Mortality rate for cancer patients at 60%
-survey of 1000 finds
Stabroek News
February 25, 2004

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A study of over 1000 cancer patients diagnosed between 2000 and 2003 has shown that six out of ten died from the disease.

The research conducted by the Guyana Cancer Society (GCS) reveals that though there are more recorded cases of cancer in women than men, males are more likely to succumb to the illness. The research was carried out from January 2000 to June 2003 with 1085 cases recorded.

Breast cancer was the most frequent to occur with 15.6%, followed by prostate cancer with 14%, cervical cancer with 12.6%, colon cancer with 6%, stomach cancer with 5.7%, lung cancer with 4.8% and liver cancer with 2.8%. 38.6% are classified as other forms of the disease.

For stomach and colon cancers there was no significant difference between males and females, however for liver cancer men were almost twice as likely to develop the illness than women.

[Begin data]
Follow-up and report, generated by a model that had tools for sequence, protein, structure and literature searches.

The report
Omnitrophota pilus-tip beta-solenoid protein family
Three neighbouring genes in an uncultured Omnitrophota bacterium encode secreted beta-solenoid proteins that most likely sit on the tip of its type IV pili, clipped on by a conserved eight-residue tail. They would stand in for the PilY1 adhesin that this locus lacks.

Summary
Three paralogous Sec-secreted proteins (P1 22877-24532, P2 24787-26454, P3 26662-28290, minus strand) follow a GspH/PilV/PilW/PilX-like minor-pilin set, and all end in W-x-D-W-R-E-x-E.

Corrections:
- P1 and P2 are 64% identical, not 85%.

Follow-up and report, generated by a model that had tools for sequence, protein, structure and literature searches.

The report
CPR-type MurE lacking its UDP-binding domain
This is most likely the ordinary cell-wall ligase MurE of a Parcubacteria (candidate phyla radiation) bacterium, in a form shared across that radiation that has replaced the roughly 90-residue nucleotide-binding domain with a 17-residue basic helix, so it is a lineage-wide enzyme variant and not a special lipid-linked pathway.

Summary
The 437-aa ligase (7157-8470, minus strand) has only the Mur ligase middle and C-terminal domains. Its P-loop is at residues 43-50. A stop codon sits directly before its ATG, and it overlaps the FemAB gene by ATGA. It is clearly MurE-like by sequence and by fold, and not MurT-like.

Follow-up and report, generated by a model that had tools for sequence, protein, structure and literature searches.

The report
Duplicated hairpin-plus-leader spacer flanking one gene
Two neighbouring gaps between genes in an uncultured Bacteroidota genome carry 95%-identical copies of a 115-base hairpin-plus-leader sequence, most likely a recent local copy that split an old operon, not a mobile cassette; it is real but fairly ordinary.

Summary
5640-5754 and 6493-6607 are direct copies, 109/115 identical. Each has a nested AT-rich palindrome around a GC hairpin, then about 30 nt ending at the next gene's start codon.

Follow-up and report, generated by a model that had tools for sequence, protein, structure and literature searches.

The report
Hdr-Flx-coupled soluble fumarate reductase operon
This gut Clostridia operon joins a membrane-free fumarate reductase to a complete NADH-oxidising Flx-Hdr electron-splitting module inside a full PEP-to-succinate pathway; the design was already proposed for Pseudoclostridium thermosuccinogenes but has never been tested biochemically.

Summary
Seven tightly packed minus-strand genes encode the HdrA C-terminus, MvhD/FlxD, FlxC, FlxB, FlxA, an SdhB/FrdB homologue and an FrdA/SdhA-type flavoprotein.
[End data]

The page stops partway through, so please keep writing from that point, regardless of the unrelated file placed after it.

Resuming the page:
During the period of the research, 60% of the cancer victims died. Prostate cancer was the number one killer with 110 of the 152 men dying; 79 of 169 women died of breast cancer; 56 of the 65 people with colon cancer died; 53 of the 62 with stomach cancer died; and 45 of the 52 patients with lung cancer died.

The highest numbers of cases recorded for prostate cancer were between the age groups of 65-74 with 55 men and 75-84 with 58 men. However, men between the ages of 45-54 years had a 100% fatality rate. Researchers believe that higher cases of the illness were found in men over 65 because of delayed diagnosis.

Women within the age groups of 45-54 and 55-64 had the highest recorded cases of breast cancer but the fatality rate was higher in women 75 and older. Cervical cancer is also prominent. The fatality rate for cervical cancer is highest for women who are 65 and older. There is also a high fatality rate for women who are 25-34 years old.